One of several buildings by Paul Hankar on Rue Defacqz in Ixelles. There is so much that is awesome about this building – the shapes of the windows, the columns, the brick, and obviously the gilded illustrations of, apparently (suite à a Goole search) the three stages of life and Hercules. The sunset on this area of Rue Defacqz is very intense, and this evening in particular the gold was gleaming. I feel like I can see the sun’s rays casting themselves on this building, just wanting to light it up on fire!

A dear friend from New York came to visit and was very eager to see all the Brussels Buildings! I like the candidness of Allyza looking up at the building and inspecting what's going on.

A dear friend from New York came to visit and was very eager to see all the Brussels Buildings! I like the candidness of Allyza looking up at the building and inspecting what’s going on. The mahogany door is very warm, and compliments her bright red cap and gentle brown bag, while her cold blue outfit comes out with the blue highlights of the photo.

There's something just very delicate about this photo. The gentle white of the maison de maitre and the soft shapes that the light green ivy makes around it's windows is refreshing and relaxing to look at.

There’s something just very delicate about this photo, the way the light is strongest up top and blurs out some of the definition and color of the building and the ivy. The gentle white of the maison de maitre and the soft shapes that the light green ivy makes around it’s windows is refreshing and relaxing to look at. It’s a very different photo from top to bottom.

Because it gives me intense déjà vu of some sort of toy or necklace I had as a kid, or maybe the moccasins my mom used to wear around the house. A call to Native America from Bruxelles Centreville.

Because this building gives me intense déjà vu of some sort of Western toy or necklace I had as a kid, or maybe the moccasins my mom used to wear around the house. A call to Native America from Bruxelles Centreville.

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I was walking home from the Central Station through St. Gilles, turned a corner, and found myself face to face with this beautiful maison de maitre. I love the warm Mediterranean colors – the marigold, burnt red, and turquoise tiles. The door is deep brown and intricate, and I like that the bold maroon door of the house to the left snuck in the photo as well. The basement windows also throw more turquoise into the shot. It’s a stunning home and really stand-out on a sunny afternoon.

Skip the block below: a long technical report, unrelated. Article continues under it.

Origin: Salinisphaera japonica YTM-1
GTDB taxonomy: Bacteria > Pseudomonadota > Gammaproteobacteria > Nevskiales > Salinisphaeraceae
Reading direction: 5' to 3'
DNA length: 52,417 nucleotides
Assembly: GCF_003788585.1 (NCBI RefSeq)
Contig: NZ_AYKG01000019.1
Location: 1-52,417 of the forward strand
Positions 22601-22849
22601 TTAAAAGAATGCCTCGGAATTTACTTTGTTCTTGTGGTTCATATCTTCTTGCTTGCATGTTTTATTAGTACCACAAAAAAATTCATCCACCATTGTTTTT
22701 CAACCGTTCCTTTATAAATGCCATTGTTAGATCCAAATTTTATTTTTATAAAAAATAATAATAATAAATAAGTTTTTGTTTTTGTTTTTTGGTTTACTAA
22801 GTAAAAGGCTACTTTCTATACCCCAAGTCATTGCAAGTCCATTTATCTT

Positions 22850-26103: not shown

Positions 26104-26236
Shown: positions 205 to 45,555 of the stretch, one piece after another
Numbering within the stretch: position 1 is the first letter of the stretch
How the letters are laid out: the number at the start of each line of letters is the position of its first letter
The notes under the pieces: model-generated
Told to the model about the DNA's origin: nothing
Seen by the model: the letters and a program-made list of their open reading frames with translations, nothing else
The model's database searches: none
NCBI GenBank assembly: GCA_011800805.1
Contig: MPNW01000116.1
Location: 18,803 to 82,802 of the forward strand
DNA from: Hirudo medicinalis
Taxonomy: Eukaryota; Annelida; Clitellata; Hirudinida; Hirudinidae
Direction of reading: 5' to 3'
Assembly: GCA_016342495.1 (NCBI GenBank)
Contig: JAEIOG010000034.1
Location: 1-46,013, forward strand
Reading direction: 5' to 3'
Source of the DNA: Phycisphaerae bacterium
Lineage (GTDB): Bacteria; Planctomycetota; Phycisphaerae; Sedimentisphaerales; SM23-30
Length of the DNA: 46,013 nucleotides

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Because sugar plum gum drop fairies!! Reminds me of Candy Land and The Nutcracker at the same time. Little elves live inside and it’s always Christmas morning. Rue Haute in Les Marolles.

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There were several buildings in my neighborhood in Ixelles that were decorated with what appeared to be bathroom tiles. Oddly enough, here, I think it works. I like the icy feel of this photo, especially with the rough, rectangular, tarnished silver door handle, and the missing silver mailbox. Where did it go?

D'awww. I actually took this photo in Antwerp a few years ago while on a little shopping excursion. My feet were tired and I was grumpy, but I glanced up at the street at saw this very sage cat looking out the window and just observing all the people on the street. I felt like I wanted him to narrate the story of my life, omniscently. I don't know if we locked eyes or anything, but I appreciated his presence. I feel like that cat is undercover all the time.

D’awww. I actually took this photo in Antwerp a few years ago while on a little shopping excursion. My feet were tired and I was grumpy, but I glanced up at the street at saw this very sage cat looking out the window, just observing the happenings on the street. He was like a wiseman village elder taking a look from above at his less-knowing peoples. I felt like I wanted him to narrate the story of my life, omniscently. I don’t know if we locked eyes or anything, but I feel like we had a moment.